Seaweed is also a rich food source, with some containing about 30% protein, close to the levels found in meat and soya beans.
With its low-carbon footprint, and with minimal land-based infrastructure, Scottish seaweed farmers are making the most of the bounty from our pristine seas.
Turning the tide
Long used as animal feed or a soil improver, today, The Scottish Association for Marine Science, in Oban, part of the University of the Highlands and Islands, is helping the industry grow, using its research knowledge to offer advice to startups, train workers and help businesses develop.
Globally, the seaweed farming industry has been growing exponentially and is estimated to be worth around £12bn per year, with a recent report suggesting that commercial-scale seaweed cultivation sector could generate over £70m for Scotland annually by 2040.
Already, around Scotland’s coastline, ambitious businesses are already developing and marketing innovative seaweed-based products.
The good news is, seaweed farming is not only good for the environment, it is good for us. Seaweed is a rich source of calcium and protein, containing higher levels of vitamin A and C than broccoli and it boasts antioxidant and anti-inflammatory properties, while its high levels of iron are said to support healthy thyroid function, helping to regulate hormones and fight off everything from fatigue to depression.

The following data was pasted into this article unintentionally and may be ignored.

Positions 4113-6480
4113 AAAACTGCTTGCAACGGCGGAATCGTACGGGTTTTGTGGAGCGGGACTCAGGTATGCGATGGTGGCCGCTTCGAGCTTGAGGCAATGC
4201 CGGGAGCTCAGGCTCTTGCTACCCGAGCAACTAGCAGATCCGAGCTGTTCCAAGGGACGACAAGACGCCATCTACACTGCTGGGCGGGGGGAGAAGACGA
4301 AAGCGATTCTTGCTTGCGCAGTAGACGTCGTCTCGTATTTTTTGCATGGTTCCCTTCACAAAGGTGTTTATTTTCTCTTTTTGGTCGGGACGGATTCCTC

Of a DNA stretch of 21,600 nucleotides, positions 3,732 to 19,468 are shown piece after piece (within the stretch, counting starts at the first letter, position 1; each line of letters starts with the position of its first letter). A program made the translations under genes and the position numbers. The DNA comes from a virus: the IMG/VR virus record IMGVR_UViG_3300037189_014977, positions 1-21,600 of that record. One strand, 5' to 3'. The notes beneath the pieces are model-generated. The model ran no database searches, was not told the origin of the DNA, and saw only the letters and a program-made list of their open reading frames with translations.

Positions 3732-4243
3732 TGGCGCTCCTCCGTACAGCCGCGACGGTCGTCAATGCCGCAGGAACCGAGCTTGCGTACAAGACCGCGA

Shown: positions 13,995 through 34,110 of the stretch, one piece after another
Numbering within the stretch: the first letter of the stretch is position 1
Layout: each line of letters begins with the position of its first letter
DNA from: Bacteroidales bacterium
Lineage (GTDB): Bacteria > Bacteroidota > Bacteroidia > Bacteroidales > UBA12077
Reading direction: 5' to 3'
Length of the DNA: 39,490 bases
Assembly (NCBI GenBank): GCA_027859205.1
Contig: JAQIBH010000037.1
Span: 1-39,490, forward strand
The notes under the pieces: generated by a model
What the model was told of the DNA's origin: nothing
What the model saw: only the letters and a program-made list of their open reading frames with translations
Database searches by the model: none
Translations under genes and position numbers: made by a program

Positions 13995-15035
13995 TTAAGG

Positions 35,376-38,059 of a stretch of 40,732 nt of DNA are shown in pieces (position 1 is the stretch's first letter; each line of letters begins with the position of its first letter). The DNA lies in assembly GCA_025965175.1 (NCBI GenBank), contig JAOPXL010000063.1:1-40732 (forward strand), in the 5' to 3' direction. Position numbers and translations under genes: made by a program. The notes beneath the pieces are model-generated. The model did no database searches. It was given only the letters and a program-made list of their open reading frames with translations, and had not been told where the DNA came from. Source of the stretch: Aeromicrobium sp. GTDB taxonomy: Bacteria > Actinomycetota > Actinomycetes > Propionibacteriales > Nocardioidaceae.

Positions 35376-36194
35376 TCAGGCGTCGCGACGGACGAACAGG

If you are looking to turn away from meat eating, there is more iron in an 8g of Dulse than in 100g of sirloin steak.
Inshore seaweed farms also provide a natural barrier to coastal erosion, while also providing year-round employment opportunities in coastal communities.
From sugar kelp to peppery tasting dulse, the potential of seaweed-derived products is almost limitless. Low in calories and high in minerals, seaweed is a superfood. It can also provide the building blocks for new medicines, chemicals, and biodegradable bioplastics and packaging.
Across Scotland, ambitious seaweed farmers are already beginning to tap into SAMS’ network. They are accessing expert advice, new markets, and new products, which help them provide year-round employment in their local communities.
Historically, seaweed was gathered from the wild, by hand. Today, rope-grown seaweed is becoming the norm. This avoids the overexploitation of wild seaweed beds and protects the natural ocean ecosystem.
The challenge is to ensure that seaweed farming in Scotland develops in a way that is sustainable, environmentally responsible, and contributes to a diverse and resilient coastal economy.